Employees request accommodation for various forms of disability that run the gamut — from sprained wrists to severe depression. Employers, knowing they are required to accommodate, are often skeptical. Sometimes this is for good reason, as the sad reality is there are some individuals who know how to abuse the system through bogus requests. The result is that some legitimate requests are questioned.
The recent tragedy of Robin Williams’ suicide has cast the spotlight once again on depression. In a blog I wrote for hrreporter.com, I discussed the process for requesting accommodation and responding to such requests:
"When such a request is made, the employer is entitled to request sufficient medical documentation in order to allow them to understand the specific limitations upon the employee’s ability to carry out their duties that require accommodation."
A reader posted the following comment:
"This article implies that when an employee approaches an employer with a request for accommodation on the basis of mental disability, the employer should automatically seek medical information. Section 13.7 of the Ontario Human Rights Commission (OHRC)’s Policy on Preventing Discrimination based on Mental Health Disabilities gives good examples of a preferable approach: Focus on the person’s own assessment of their needs and strengths. Only if the person’s needs are complex, or the person is not taking part in the process, should additional information from a doctor be sought. Otherwise, employees with mental health issues are stigmatized as liars seeking unnecessary special privileges."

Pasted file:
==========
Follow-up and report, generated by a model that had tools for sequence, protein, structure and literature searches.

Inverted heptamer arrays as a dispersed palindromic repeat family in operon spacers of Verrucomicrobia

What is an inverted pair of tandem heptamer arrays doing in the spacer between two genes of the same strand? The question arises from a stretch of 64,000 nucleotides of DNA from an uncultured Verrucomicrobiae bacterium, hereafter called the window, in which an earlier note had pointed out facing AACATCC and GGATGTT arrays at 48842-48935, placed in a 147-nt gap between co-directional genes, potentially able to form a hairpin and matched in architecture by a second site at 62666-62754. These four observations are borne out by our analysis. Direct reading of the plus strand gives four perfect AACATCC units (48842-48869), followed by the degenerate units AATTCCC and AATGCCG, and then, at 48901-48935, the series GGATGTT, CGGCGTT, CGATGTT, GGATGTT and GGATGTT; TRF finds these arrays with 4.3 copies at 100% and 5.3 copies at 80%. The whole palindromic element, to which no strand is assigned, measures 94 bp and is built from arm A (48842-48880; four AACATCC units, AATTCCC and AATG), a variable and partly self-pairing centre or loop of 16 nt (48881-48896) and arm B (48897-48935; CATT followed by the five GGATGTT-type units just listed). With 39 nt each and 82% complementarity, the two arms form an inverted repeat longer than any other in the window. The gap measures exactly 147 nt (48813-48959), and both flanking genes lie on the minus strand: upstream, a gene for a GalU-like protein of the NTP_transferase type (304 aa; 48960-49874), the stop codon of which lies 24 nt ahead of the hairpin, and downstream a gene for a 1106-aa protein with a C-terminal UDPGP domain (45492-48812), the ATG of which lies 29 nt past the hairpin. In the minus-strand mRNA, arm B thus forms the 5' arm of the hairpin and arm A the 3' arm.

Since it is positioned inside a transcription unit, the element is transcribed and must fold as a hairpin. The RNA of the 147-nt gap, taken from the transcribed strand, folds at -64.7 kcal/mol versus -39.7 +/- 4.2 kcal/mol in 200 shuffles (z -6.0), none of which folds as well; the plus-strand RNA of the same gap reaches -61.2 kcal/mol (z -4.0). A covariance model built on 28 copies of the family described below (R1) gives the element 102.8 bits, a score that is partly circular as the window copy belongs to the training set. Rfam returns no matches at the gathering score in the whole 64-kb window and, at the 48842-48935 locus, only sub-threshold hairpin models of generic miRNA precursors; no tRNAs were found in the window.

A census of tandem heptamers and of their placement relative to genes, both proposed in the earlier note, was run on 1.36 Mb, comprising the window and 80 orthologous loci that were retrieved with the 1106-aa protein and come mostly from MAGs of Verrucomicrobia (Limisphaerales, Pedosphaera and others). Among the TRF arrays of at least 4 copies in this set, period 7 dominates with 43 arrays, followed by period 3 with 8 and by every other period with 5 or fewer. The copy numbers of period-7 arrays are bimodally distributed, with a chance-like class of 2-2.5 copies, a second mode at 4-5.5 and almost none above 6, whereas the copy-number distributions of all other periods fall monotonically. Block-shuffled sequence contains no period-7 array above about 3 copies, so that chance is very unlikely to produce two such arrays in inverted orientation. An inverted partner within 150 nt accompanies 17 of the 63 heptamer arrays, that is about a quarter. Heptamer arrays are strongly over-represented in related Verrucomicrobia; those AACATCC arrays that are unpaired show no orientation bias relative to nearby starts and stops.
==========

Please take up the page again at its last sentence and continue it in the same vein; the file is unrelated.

This was a legitimate point and was a helpful reminder of the commission’s recently released policy, which is quite thorough in discussing issues of particular relevance to mental health disabilities.
Among other things, the policy addresses the accommodation process and the employer’s right to request medical documentation. Rather than attempt to interpret or paraphrase the policy, I have reproduced relevant portions of it below:
The person with a disability is required to:
• answer questions or provide information about relevant restrictions or limitations, including information from health-care professionals, where appropriate and as needed
• co-operate with any experts whose assistance is required to manage the accommodation process or when information is needed that is unavailable to the person with a disability.
The accommodation provider is required to:
• accept the person’s request for accommodation in good faith, unless there are legitimate reasons for acting otherwise
• get expert opinion or advice where needed (but not as a routine matter)
• limit requests for information to those reasonably related to the nature of the limitation or restriction, to be able to respond to the accommodation request.
The type of information accommodation seekers may be expected to provide includes:
• that the person has a disability or a medical condition
• the limitations or needs associated with the disability